Thirty pages into a memoir of recovery from alcoholism, I suddenly stopped and flipped the book over to study the photo of the author: Had I read this book before? Then I realized that no, it just seemed that way because I’ve read several such memoirs and they all have the same basic structure. Chapter One outlines the sad state of the author’s life in cringe-inducing detail and ends with his/her vague realization that something’s gotta change. The second chapter flashes back to her youth and gives the story of how she got into this mess, usually starting with how she found her first drink, and so on until we arrive back at the scene detailed in Chapter One; from here we follow the author’s path to redemption, a trip that usually involves at least one relapse. I find this sort of tale riveting. Most of the time. Perhaps I’ve read too many memoirs of addiction and recovery. That said, here are four I’d happily read again:
Drinking: A Love Story, by Caroline Knapp. To describe her own journey, Knapp uses (expertly) the metaphor of a love story; her story ends with a scene of her in a restaurant watching a glass of white wine being carried past her and she makes it sound just as bittersweet as running into the once-love-of-your-life.
Dry: A Memoir, by Augusten Burroughs. Burroughs was working at an advertising agency when he hit bottom. A little over the top but funny — this guy knows where to find the humor in rehab.
Lit, by Mary Karr. Karr lets us vicariously ride her roller coaster of highs and lows in a book that covers drunkenness, hangovers and depression but also what Karr calls her journey “from black-belt sinner and lifelong agnostic to unlikely Catholic.”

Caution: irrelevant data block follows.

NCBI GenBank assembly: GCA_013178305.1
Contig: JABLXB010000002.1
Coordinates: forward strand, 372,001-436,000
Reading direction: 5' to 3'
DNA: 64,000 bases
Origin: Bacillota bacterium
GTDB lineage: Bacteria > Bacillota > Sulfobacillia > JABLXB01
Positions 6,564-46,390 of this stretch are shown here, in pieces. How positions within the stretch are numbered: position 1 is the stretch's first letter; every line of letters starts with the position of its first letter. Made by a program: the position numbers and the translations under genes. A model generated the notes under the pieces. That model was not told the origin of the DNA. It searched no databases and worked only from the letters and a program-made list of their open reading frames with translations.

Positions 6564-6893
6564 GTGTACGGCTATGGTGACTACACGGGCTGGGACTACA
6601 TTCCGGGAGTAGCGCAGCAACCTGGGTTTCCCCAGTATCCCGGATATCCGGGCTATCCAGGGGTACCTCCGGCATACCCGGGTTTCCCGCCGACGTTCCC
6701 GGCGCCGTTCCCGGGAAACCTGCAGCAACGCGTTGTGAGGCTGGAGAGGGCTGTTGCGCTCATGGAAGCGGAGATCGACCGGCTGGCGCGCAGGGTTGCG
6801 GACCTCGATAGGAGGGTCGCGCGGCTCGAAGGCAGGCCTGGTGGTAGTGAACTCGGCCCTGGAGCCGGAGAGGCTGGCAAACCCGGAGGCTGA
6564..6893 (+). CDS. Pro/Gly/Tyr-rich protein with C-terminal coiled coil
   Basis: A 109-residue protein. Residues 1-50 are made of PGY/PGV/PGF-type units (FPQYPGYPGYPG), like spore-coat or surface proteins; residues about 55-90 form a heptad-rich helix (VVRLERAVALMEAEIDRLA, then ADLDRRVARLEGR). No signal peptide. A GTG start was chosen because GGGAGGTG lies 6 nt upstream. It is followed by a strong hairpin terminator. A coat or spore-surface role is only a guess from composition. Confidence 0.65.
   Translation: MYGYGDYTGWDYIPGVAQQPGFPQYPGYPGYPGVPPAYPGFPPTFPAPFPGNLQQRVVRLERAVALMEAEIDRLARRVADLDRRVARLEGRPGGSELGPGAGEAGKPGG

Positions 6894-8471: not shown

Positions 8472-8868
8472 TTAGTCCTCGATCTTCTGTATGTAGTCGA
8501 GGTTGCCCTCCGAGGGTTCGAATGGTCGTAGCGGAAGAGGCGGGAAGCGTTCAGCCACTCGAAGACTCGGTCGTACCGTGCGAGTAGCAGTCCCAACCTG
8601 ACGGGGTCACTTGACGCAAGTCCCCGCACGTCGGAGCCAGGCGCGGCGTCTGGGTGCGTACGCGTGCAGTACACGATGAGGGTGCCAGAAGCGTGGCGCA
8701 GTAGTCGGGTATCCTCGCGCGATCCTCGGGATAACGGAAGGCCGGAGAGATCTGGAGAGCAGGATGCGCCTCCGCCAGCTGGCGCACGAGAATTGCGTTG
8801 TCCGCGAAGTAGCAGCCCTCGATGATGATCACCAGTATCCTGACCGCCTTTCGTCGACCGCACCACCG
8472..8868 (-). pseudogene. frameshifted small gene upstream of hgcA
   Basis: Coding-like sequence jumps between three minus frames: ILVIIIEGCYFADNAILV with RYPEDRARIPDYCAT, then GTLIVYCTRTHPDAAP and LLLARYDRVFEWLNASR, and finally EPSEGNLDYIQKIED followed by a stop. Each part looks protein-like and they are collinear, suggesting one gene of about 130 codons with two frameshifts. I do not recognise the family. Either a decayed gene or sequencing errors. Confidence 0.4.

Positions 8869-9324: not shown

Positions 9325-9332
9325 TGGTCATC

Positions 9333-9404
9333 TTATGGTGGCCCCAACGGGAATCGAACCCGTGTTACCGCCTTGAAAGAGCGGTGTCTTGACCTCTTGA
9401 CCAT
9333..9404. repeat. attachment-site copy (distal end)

Addicted: Notes From the Belly of the Beast, edited by Lorna Crozier and Patrick Lane. This collection of essays by writers addicted to one thing or another (mostly alcohol) is, like any collection, a mixed bag — but many of these pieces are gems.
More recovery lit you might want to try:
Parched, by Heather King. King managed to get a law degree but preferred to earn her living waitressing in sleazy joints rather than get out and get a real job, in order to carry on her life of partying. (Now she’s an NPR commentator and columnist.)
The Night of the Gun, by David Carr. Carr, an investigative journalist for The New York Times, “investigates” his own junkie tale.
Portrait of an Addict as a Young Man, by Bill Clegg. I actually didn’t finish this book, but if you’re interested in how a literary agent bottoms and then comes clean…
Nice Recovery, by Susan Juby. I haven’t read this, but it’s on my to-read list (for when I decide I actually haven’t read enough recovery lit).